Typical injection molding traces are shown in Fig. 4, with the signals acquired from the commercial and MVSs instrumented in the mold as described in Fig. 1. Figure 4a shows three pressure traces. As expected, the pressure is highest in the runner, and lowest at the MVS, which are the closest and farthest pressure sensors to injection, respectively. Figure 4b shows the two IR temperature traces. The MVS experiences a higher temperature spike than the commercial IR sensor, and then displays more of the cooling behavior of the melt; this behavior occurs because the commercial IR sensor can only measure melt temperatures above 80[degrees]C. Finally, Fig. 4c shows the commercial thermocouple and the MVS thermistor. The commercial thermocouple shows a higher temperature spike, but this is mostly because this sensor is in contact with the melt, whereas the thermistor is isolated from the melt by the 5 mm height of the zinc selenide window. The noise found in the MVS thermistor signal is related to the noise found in the MVS IR signal, as they are both obtained using the same sensing element with the IR detector using the thermistor to provide a reference temperature.

A Moldflow simulation of the mold shown in Fig. 1 was performed using 3,974,728 tetrahedral elements including 345,120 elements in the flexural test specimen cavity. The simulated melt viscosity contour plot from this simulation is shown in Fig. 5. The simulation was run using the process settings from Run 1 of the DOE described in Table 3. The apparent melt viscosity found in this simulation was 398 Pa s, which is a useful estimate of the bulk viscosity that would otherwise be unobservable.

RESULTS AND DISCUSSION

There were four concerns regarding color change in this experiment: (a) Will the color change affect the viscosity of the material, and will the viscosity changes be witnessed in pressure measurements? (b) Will the color change affect temperature measurements due to differing emissivities? (c) If the material change alters the temperature measurement, will it disrupt the velocity estimation? (d) Since the viscosity calculation relies on the velocity estimation, which in turn relies on the temperature measurement, how much variation will be seen in the viscosity estimation? The first of these four concerns is investigated in Fig. 6. As expected, the pressure measurements using the MVS were very consistent in all four colors. The cycles chosen to plot were Run 2-5, 5-5, 8-5, and 11-5, correlating to the 400 mm/s runs for white, blue, black, and purple respectively. As previously characterized, the viscosity of the material is very similar for all four materials, so the pressure should be very similar [20].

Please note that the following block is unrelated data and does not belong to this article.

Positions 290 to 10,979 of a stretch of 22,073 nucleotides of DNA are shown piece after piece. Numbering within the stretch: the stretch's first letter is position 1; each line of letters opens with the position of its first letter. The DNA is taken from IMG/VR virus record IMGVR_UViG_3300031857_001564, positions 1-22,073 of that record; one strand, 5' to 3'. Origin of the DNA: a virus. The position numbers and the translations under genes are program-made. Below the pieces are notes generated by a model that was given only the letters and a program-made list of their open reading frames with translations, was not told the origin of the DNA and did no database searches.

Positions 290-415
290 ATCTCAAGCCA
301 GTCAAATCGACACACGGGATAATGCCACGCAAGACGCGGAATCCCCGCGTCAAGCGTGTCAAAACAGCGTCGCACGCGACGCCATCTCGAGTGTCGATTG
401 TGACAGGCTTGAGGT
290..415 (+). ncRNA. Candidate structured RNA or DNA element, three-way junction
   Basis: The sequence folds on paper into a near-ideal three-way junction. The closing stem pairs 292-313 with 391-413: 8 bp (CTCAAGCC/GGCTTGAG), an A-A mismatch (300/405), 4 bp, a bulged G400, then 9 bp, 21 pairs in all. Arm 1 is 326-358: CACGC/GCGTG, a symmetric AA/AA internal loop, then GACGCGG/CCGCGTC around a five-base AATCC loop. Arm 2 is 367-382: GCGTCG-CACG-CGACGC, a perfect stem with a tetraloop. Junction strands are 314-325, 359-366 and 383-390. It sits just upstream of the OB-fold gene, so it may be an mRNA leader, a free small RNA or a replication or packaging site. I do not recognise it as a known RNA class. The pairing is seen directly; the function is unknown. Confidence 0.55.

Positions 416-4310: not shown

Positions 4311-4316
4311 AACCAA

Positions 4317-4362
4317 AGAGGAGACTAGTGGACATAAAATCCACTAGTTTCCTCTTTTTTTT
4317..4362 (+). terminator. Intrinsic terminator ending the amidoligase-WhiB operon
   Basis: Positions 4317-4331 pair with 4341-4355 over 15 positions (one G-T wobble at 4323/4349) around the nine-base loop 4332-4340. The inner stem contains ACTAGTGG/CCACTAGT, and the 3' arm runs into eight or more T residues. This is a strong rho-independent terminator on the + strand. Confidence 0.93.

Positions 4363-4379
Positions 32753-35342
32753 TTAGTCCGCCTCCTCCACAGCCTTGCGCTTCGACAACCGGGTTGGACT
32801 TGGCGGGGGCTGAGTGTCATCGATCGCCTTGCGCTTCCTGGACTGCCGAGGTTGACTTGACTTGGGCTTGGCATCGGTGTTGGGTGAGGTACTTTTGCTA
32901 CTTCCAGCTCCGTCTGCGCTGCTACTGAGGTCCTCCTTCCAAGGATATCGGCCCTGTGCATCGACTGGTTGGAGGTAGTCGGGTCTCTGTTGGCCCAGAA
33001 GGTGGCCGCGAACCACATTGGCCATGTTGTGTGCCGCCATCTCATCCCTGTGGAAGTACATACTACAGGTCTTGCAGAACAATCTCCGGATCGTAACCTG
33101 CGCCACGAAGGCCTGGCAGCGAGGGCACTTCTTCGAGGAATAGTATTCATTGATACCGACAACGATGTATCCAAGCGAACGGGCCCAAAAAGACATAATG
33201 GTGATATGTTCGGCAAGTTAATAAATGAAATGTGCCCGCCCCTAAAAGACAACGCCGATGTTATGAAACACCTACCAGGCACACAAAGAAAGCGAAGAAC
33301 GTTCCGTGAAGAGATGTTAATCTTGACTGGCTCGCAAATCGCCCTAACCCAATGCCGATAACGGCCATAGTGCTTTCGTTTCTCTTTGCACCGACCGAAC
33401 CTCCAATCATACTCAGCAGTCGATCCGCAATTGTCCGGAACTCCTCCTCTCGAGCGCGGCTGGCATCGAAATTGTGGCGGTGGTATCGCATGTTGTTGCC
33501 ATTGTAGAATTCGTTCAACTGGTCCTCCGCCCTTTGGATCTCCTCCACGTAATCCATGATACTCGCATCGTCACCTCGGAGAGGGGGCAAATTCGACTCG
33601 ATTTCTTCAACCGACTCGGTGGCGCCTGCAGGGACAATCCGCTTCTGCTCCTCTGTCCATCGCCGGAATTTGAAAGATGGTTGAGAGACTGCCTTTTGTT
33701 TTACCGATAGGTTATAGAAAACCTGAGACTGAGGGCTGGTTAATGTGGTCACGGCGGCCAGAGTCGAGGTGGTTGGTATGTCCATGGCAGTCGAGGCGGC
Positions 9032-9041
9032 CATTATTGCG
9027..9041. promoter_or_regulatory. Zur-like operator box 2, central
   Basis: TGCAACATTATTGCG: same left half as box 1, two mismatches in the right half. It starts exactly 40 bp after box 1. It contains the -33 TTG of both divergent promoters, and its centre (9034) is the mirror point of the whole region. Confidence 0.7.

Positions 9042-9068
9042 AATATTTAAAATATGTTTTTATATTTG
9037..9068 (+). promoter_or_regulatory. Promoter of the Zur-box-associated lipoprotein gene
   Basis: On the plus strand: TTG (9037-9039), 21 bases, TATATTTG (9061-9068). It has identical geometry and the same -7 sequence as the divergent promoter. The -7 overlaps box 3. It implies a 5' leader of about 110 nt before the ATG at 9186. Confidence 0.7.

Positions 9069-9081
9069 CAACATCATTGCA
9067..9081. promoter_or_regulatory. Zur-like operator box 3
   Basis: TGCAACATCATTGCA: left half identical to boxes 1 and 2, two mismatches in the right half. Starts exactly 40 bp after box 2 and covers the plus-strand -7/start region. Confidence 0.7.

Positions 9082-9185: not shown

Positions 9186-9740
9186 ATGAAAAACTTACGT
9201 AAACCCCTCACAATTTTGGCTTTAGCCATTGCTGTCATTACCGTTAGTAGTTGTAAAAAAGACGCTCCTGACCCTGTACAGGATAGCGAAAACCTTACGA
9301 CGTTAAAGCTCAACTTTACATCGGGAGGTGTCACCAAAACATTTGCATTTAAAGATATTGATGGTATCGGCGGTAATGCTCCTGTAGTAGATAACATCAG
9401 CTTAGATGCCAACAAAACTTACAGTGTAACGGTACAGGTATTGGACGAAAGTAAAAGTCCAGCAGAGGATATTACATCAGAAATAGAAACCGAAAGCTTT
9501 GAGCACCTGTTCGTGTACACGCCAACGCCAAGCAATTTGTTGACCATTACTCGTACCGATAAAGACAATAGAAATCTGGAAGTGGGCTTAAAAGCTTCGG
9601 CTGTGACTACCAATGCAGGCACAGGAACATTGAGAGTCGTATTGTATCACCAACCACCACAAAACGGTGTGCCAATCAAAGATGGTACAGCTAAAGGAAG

The temperature measurement, as shown in Fig. 7, is where any variation between materials of varying emissivity would most likely be apparent. Figure 7 shows four different temperature cycles from the same runs as in Fig. 6. Zooming in on the peak temperatures, slight variations between the colors are observed, with a 12[degrees]C difference occurring between the maximum temperature for the neat material and the minimum temperature for the black material. Prior research during preliminary calibration experiments also found a similar behavior. While intuition may suggest that black bodies provide higher emissivity since they more closely emulate an ideal "black" body, the reduced irradiation is due to internal absorption through the thickness of the polymer melt.